Buyer’s Closing Costs

Update as of December 2015: Please note the HUD-1 has now been replaced with a CLOSING DISCLOSURE, and GFEs have been replaced.  Contact us for more info or to discuss the differences in these documents!

Many buyers are aware that there are fees related to the purchase of a new home—a rough guide is 2.5% to 3% of the transaction value—but what are these fees, and are there ways to minimize them?

First, a few clarifications. Both buyers and sellers have closing costs in a transaction. The sellers’ costs are typically much higher than the buyers’ fees because the sellers pay the commission for both real estate brokers. These fees are typically paid at closing—they come out of the sellers’ proceeds, and the buyers can either pay cash, or can negotiate to have their portion of the closing costs paid by the seller (read more here.)

For now, let’s focus on the buyers’ fees. Your lender should provide you with a Good-Faith Estimate (GFE) when you apply for a loan. This GFE is essentially an estimate of your “HUD-1” form, which you will receive at closing. Each lender has their own preferred format, but you should be able to compare apples-to-apples by looking at the section headers, or, even better, the line-item numbers. It’s important to note, though, that lenders only control certain sections, while others may be simply based on their own experience. When comparing lenders, it’s important to focus only on the line items that the lender actually controls.

The fees vary by jurisdiction, broker, and settlement attorney, but below is a good way to categorize them:

  • Pre-paids: These are generally required by the lender, and may include insurance, property taxes, and interest. Another common prepaid item is condo/HOA fees. These vary based on the day of the month that you close, since they are pro-rated between buyer and seller.
  • Points: A point represents 1% of the loan balance and are charged by lenders. This, along with the fees, can easily amount to thousands of dollars, so it’s important to discuss this with your agent and your lender.
  • Fees: These are fees charged by real estate brokers, settlement attorneys, and lenders, and are the toughest to judge for “reasonableness” without experience. These vary widely, particularly among lenders. Some real estate agents will pay their broker’s fee on your behalf—be sure to ask them. For lenders, whose fees can be substantial, it’s important to know early in the process what they’ll charge. These fees can generally be found on your Good-Faith Estimate in the 800 section, but look in the 1300 “Additional” section, too. Broker’s and attorney’s fees are scattered throughout the closing statement sections.
  • Title Insurance: This is paid by the buyer and, depending on the policy, can amount to thousands of dollars. It’s a one-time charge that covers you in the event of a problem with the chain of ownership. See my post on how to save some money with title insurance here. This fee is addressed in the 1100 section.
  • Government and Transfer Charges: These are fees that are paid to the local jurisdiction and can be quite substantial. For example, in the District of Columbia, the transfer taxes (paid by the seller) and recording taxes (paid by the buyer) are 1.1% each. Northern Virginia sellers pay $1 per $1000 in value for their transfer taxes.

This is just a high level summary of some of the most common items on a HUD-1, so be sure to ask your agent to walk you through the expenses and strategize with you on how to minimize your costs! Read more about how to spot “junk fees.”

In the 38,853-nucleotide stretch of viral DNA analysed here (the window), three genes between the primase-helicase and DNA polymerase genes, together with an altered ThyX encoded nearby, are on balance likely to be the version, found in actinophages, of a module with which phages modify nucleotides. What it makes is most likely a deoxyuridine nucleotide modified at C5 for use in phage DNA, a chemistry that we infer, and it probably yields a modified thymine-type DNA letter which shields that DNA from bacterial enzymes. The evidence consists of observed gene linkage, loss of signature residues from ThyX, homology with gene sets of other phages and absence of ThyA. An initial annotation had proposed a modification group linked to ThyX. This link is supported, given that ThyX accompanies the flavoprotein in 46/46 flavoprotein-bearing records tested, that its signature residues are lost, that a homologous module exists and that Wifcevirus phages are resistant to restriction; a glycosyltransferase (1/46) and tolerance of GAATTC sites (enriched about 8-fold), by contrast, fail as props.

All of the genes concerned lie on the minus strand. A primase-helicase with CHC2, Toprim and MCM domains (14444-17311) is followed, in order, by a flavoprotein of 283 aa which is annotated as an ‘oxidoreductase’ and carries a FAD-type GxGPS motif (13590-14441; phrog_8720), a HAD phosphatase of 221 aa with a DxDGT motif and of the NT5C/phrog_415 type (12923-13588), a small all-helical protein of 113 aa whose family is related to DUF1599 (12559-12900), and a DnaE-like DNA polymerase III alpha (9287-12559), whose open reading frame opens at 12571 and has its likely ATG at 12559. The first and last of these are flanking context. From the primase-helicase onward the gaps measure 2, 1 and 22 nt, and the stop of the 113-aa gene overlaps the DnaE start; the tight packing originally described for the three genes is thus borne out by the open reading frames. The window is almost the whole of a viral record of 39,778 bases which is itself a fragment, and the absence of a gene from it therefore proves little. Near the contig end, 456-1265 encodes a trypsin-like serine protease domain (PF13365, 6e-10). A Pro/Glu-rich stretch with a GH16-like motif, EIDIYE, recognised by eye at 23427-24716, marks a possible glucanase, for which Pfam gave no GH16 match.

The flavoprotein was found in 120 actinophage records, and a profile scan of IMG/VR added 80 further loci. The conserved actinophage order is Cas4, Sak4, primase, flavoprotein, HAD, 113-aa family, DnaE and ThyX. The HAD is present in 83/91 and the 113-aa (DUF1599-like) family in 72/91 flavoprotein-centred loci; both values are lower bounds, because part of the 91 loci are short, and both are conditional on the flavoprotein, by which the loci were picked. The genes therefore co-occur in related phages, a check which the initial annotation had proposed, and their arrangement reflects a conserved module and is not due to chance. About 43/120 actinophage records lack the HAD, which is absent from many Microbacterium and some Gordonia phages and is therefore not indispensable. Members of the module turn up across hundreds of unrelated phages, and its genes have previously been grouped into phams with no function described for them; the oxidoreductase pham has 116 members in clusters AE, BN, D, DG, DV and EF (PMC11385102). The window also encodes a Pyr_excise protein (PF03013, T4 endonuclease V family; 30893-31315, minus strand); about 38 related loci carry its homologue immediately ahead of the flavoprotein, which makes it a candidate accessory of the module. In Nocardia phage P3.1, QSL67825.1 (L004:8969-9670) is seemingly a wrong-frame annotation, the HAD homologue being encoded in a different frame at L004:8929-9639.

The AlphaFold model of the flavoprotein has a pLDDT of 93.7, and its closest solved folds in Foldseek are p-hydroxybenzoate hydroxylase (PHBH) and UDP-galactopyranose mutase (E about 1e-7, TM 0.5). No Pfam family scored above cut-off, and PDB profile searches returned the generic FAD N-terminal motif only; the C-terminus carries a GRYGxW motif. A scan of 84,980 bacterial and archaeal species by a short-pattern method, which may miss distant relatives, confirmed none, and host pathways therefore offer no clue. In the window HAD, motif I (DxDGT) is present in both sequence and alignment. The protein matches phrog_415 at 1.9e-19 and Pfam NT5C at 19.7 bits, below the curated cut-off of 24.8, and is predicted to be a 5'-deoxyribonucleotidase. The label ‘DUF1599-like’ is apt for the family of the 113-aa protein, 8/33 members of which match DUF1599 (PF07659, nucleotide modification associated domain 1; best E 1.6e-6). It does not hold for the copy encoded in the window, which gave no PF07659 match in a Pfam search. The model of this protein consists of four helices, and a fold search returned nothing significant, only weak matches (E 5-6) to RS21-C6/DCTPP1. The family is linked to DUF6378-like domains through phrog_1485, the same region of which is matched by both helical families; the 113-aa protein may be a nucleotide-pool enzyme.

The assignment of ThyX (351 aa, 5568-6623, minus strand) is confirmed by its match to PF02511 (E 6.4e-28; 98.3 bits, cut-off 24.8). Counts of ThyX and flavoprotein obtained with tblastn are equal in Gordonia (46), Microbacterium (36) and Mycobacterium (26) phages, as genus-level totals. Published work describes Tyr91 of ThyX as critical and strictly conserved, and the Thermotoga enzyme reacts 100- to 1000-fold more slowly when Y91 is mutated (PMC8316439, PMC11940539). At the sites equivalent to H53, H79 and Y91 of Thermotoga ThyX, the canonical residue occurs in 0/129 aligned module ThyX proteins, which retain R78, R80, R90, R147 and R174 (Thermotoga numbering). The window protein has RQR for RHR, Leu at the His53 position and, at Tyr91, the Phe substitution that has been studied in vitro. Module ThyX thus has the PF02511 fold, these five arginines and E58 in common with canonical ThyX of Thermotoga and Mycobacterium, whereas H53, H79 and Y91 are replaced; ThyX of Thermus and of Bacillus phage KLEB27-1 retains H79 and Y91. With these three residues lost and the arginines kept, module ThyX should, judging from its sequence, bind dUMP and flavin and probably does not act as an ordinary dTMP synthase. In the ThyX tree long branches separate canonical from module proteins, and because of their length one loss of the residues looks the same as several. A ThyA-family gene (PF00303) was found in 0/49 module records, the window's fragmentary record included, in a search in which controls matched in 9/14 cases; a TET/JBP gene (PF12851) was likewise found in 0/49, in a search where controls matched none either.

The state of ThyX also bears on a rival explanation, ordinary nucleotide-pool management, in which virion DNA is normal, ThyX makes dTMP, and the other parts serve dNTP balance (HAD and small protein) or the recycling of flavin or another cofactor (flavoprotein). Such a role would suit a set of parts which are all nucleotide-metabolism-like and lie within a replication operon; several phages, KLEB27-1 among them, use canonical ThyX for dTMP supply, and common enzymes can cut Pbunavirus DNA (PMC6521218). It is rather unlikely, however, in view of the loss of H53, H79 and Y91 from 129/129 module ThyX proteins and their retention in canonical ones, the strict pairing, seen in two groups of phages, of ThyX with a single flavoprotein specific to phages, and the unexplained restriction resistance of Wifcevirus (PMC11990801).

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Mortgage Rates Hit Historic Lows: Should I Refinance?

Back in 2008, I wrote a blog post about refinancing, and given that rates are once again reaching (new) historic lows–in the 4.5% range for 30 year fixed money up to $729,750!–I thought it was time to revisit, and update, the post.

When deciding whether to refinance, the best thing to do is calculate the break even number of months where your closing costs equal the savings in your monthly payment. If you’re going to be in the new loan that number of months, then you should seriously think about locking in that savings.

Historically, a rule of thumb is that if rates are 1% lower than what you’re currently paying, you should at least look into it. Remember rates change several times each day, so don’t be surprised if you call one day and then the next day rates are back up again. The decision of whether refinancing makes sense for you — even with a 1% drop in rates — can get complicated very quickly given our recent market conditions though.

You need to think about is the current market value of the home and your equity in it. That’s important because if you got a loan a few years ago, credit conditions have changed dramatically and you may not be happy with the loan options available to you right now, even if the rates are low. For example, if you have two trusts on your current home loan (popular a few years ago in order to avoid paying Private Mortgage Insurance) then that option is no longer available. Banks are requiring private mortgage insurance for anything higher than 80% Loan-To-Value (LTV) – in other words, unless you have 20% equity in your home, you will be required to get one loan and pay the PMI. Second trusts are no longer available in almost any situation. In fact, it’s rare to find a bank willing to lend more than 90% of the current market value of the home, which becomes an issue if your home has depreciated in value. So if you have two trusts it may not be as lucrative for you to refinance as you think, even with lower rates. Similarly, if the home has depreciated at all then you may run into issues as well because your LTV has changed and you will have to pony up some big cash to make up the difference in your “underwater” home.